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What Every Physician Should Know About the RUC


To paraphrase Winston Churchill, never have so many physicians and other health care professionals owed so much to so few. The "few" in this case are the 29 members of the American Medical Association/Specialty Society Relative Value Scale Update Committee, or RUC (rhymes with "truck") for short. The RUC's recommendations to the Centers for Medicare & Medicaid Services (CMS) significantly influence the relative values assigned to physician services and, as a result, how much physicians are paid.

CMS expects allowed expenditures under the Medicare physician fee schedule to exceed $76 billion this year, and the RUC will be instrumental in determining how those dollars are parceled out. CMS has historically accepted 90 percent or more of the RUC's recommendations.[1] Given that the average family physician's patient mix is 22-percent Medicare,[2] the RUC is likely to have a direct influence on one-fifth of your income. The real impact of the RUC is even bigger when you consider that many other payers tie their fee structure to Medicare's - 85 percent of private payers and 69 percent of Medicaid programs, according to one recent survey.[3]

What is the RUC?

The AMA formed the RUC in 1991 to act as an expert panel in making recommendations to CMS on the relative values of Current Procedural Terminology(CPT) codes using the Resource-Based Relative Value Scale (RBRVS) that was mandated by Congress in 1989. For example, the RUC might propose that a 99214 is worth 2.53 relative value units (RVUs) while a left heart catheterization (code 93510) is worth 40.54 RVUs. RVUs are based on three components - physician work, practice expenses and professional liability; however, the RUC is primarily concerned with the first two (see sidebar "Anatomy of a Medicare payment" and "It's all relative"). The RUC meets three times each year (February, April and September) for the purpose of developing its recommendations, which are then accepted, rejected or modified by CMS.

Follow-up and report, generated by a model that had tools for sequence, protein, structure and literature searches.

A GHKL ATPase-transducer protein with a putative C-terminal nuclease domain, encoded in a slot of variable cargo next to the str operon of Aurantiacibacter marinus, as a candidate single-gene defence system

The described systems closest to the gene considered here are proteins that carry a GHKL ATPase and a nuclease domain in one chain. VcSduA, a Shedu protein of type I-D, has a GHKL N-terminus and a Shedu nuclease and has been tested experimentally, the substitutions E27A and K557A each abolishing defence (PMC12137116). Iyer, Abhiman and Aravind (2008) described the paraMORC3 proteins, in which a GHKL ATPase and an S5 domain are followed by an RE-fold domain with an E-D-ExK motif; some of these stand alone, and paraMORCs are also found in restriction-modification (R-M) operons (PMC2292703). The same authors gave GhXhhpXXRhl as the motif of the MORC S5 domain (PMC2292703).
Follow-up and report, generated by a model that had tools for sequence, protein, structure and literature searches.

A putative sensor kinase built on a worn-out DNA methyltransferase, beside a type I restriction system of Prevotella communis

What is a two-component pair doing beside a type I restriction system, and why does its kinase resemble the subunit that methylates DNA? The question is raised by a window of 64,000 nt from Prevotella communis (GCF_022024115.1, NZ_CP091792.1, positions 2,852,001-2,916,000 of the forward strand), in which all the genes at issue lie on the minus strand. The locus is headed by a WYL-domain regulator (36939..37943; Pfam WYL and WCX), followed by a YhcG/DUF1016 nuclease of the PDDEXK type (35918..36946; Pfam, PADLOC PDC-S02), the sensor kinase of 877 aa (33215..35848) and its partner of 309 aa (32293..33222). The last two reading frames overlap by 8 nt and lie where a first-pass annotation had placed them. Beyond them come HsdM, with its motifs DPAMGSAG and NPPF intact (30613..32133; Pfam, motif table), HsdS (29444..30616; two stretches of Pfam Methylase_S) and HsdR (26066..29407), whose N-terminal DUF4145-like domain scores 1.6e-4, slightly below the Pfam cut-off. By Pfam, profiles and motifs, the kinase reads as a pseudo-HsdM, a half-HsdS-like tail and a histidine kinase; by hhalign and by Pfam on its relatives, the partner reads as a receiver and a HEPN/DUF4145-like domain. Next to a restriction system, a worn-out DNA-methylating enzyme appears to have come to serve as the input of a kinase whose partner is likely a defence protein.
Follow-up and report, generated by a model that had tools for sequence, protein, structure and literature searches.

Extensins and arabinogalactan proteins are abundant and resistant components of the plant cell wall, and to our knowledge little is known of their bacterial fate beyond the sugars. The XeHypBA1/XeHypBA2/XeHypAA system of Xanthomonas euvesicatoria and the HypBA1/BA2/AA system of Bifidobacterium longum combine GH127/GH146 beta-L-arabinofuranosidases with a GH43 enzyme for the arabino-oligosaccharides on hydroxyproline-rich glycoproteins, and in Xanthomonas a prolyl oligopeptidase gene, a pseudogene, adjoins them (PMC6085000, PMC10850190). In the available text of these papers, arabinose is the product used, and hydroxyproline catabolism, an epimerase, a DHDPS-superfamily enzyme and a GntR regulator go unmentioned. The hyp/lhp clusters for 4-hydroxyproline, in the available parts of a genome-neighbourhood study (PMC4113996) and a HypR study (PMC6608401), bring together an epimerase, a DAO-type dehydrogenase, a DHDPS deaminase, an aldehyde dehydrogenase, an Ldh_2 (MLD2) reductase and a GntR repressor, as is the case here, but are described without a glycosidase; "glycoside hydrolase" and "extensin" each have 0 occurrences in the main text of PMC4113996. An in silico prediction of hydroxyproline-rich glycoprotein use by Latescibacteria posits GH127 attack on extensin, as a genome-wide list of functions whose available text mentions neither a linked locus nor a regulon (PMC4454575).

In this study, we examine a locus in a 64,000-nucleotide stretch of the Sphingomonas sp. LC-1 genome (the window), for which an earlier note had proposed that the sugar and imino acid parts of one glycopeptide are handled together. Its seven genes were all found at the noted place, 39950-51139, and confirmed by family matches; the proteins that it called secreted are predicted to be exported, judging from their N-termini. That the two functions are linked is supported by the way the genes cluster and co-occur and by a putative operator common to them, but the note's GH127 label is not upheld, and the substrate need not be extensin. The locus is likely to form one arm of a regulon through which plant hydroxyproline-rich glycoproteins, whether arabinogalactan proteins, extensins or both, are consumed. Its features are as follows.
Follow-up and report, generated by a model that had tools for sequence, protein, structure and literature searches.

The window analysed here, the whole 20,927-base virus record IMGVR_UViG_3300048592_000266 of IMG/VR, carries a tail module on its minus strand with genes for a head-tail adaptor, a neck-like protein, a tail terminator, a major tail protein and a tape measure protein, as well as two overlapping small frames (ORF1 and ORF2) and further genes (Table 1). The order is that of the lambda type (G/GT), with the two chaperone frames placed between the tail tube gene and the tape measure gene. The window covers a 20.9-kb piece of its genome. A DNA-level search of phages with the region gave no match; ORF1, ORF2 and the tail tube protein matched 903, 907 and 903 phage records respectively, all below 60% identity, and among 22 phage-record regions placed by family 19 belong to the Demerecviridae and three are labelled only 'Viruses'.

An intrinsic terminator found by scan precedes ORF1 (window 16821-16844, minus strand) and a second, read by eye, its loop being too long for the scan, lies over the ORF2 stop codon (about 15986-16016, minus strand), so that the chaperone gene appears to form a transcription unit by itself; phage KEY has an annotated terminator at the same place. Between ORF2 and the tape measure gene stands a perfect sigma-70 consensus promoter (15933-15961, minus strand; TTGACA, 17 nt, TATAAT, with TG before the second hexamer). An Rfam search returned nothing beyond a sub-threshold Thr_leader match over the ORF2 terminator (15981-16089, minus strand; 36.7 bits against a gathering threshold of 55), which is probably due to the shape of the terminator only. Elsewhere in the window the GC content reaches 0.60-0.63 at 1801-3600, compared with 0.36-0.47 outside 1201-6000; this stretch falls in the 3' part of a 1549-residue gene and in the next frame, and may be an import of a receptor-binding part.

The RUC is composed of 29 members and 29 alternate members. Twenty-three of the members are appointed by major national medical specialty societies, including the AAFP, and each has one alternate member as well. Three of these seats rotate every two years; two are reserved for an internal medicine subspecialty, and the other is open to any other specialty. Representatives of the CPT Editorial Panel, the Health Care Professionals Advisory Committee and the Practice Expense Review Committee comprise three other seats. The remaining three seats are filled by representatives of the AMA, the American Osteopathic Association and the chair, who is appointed by the AMA. (See sidebar "Current RUC composition".) The AAFP's RUC representative and alternate are appointed by the chair of the AAFP Board of Directors based on recommendations from the AAFP Commission on Practice Enhancement.

Of the 29 members of the RUC, only five currently represent primary care specialties as defined by the AAFP. The vast majority of the representatives to the RUC are appointed by other surgical, procedural or subspecialties. As a result, the work of representing primary care issues to the RUC has often been difficult.